29. Page 29Other Considerations• Impact on Directors and Officers.• Directors and officers should be active participants in the cybersecuritydiscussion both for purposes of developing effective risk mitigationstrategies and because directors may be exposed to liability under thebusiness judgment rule if they do not actively consider cybersecurityissues in planning company operations. One approach to this issue is toinclude cybersecurity updates in reports to the board of directors on aregular basis.• If Disclosure Committee does not have IT/Security representative,consider adding that resource.
  30. Page 30Other ConsiderationsRelated State Laws• In addition to SEC reporting requirements, most states have enacted lawsrequiring companies to report breaches where certain personally identifiableinformation is accessed. Although it is possible that breaches could affect acompany financially without involving the breach of files containing personalinformation, many breaches will likely need to be reported:• to state officials (AG or Secretary of State);• to Data Subjects;• media; or• others• When such a state disclosure is required, it may prompt the need for disclosureto the SEC to avoid partial dissemination (“selective disclosure”) of materialinformation. This determination will turn on Materiality assessment; alsoconsider whether state disclosure is public.
  31. Page 31Final Thoughts/Recommendations• Disclosure of Risk• Ensure you “right size” the risk disclosure to your business.• Balance between overkill and boilerplate.• Although some sectors (e.g. financial) have greater potential exposure than others, virtually alllarge companies bear some risk.• Disclosure of Actual Breaches• SEC Guidance suggests that actual breaches should be disclosed when they take place via an8-K filing.• Reactive 8-K disclosure could compromise ongoing incident investigations.• Differing requirements could lead to inconsistencies in notices:• Litigation Risks• Unfair/Deceptive Acts & Practices• Rule is advisory only - appears few companies have followed it.• SEC is currently considering strengthening this guidance, potentially making it a binding rule.• Contractual obligations may decrease notice threshold(s).• Consequences of Failure to Disclose• SEC may take enforcement action against a company that fails to disclose material information.• A decrease in stock price may spawn class action securities law suits.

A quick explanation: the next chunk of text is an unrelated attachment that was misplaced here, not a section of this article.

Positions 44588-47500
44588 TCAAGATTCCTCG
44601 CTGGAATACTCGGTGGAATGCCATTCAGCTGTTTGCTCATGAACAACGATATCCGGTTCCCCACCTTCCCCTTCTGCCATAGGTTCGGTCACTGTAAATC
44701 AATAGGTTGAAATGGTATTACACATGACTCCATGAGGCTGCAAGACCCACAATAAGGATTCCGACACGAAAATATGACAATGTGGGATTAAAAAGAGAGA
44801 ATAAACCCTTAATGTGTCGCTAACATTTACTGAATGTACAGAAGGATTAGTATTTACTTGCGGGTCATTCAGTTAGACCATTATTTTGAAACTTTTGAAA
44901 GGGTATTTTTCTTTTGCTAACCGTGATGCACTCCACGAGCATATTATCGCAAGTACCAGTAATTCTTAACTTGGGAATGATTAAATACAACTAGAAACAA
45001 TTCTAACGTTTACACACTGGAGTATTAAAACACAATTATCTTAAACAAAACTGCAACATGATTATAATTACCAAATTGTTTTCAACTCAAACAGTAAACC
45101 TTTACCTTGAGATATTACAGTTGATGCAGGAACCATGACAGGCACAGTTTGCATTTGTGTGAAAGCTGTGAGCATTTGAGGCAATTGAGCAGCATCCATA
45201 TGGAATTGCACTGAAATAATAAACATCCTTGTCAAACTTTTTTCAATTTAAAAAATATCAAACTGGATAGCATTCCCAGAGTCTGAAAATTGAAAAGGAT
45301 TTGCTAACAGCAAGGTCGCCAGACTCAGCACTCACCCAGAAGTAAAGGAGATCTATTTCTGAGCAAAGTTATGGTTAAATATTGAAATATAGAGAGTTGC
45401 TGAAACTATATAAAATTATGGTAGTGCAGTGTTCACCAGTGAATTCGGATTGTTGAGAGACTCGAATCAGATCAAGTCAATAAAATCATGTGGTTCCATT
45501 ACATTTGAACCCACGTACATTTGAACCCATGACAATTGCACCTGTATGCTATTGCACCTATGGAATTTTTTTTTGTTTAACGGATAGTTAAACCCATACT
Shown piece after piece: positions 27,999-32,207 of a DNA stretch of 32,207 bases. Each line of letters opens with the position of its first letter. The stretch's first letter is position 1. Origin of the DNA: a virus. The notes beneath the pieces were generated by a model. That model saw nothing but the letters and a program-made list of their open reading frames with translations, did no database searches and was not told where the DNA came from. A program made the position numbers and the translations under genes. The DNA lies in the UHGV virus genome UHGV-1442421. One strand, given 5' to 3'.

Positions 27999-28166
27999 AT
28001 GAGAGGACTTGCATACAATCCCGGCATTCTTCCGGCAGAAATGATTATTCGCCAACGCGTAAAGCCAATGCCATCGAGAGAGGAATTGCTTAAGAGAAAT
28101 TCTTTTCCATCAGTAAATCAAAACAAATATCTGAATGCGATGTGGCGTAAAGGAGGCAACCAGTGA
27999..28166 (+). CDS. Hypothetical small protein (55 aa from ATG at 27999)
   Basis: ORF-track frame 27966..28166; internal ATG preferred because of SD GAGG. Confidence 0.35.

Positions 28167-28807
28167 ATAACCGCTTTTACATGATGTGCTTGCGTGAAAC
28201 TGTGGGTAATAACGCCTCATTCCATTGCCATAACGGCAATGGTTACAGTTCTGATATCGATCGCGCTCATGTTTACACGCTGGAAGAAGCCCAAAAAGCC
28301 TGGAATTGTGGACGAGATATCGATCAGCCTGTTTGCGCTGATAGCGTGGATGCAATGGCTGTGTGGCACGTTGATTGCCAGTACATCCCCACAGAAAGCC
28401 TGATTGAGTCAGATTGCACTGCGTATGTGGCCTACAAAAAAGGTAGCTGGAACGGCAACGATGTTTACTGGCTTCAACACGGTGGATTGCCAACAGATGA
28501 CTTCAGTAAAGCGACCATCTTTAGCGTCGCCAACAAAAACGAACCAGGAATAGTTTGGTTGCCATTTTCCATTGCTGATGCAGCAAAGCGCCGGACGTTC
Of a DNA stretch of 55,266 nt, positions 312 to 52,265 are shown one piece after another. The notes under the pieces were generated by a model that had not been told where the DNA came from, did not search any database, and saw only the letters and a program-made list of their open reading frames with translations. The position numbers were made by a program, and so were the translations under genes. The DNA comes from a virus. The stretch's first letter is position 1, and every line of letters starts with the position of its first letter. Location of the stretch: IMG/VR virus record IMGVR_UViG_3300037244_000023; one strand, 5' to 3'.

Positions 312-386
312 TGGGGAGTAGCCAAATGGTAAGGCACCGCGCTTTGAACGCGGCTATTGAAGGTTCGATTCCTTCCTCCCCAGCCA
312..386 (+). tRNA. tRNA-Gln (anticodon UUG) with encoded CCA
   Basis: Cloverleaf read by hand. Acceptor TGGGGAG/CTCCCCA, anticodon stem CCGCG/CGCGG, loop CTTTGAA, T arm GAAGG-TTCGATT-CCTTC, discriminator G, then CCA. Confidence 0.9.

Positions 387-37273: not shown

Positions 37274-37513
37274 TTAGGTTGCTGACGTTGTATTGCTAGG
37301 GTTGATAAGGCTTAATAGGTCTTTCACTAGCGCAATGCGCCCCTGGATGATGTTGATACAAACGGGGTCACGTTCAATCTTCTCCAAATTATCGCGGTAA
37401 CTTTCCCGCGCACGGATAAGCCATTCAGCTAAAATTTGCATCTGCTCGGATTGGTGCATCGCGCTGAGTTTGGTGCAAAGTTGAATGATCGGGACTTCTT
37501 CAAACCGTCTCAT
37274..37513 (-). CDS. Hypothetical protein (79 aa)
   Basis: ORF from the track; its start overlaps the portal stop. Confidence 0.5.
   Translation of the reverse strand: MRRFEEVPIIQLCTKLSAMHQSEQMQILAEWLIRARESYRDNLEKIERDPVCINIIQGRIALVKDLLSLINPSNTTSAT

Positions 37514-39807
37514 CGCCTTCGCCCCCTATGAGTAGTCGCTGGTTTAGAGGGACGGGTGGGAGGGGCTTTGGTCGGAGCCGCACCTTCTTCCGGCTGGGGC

32. QUESTIONS
  33. One Alewife Center, Suite 450Cambridge, MA 02140PHONE 617.206.3900WWW.CO3SYS.COMRick Olin, CIPP/USCounselGTC Law Grouprolin@gtclawgroup.com“One of the most important startups in security…”BUSINESS INSIDER – JANUARY 2013“One of the hottest products at RSA…”NETWORK WORLD – FEBRUARY 2013“an invaluable weapon when responding tosecurity incidents.”GOVERNMENT COMPUTER NEWS“Co3 Systems makes the process of planningfor a nightmare scenario as painless aspossible, making it an Editors’ Choice.”PC MAGAZINE, EDITOR’S CHOICE

×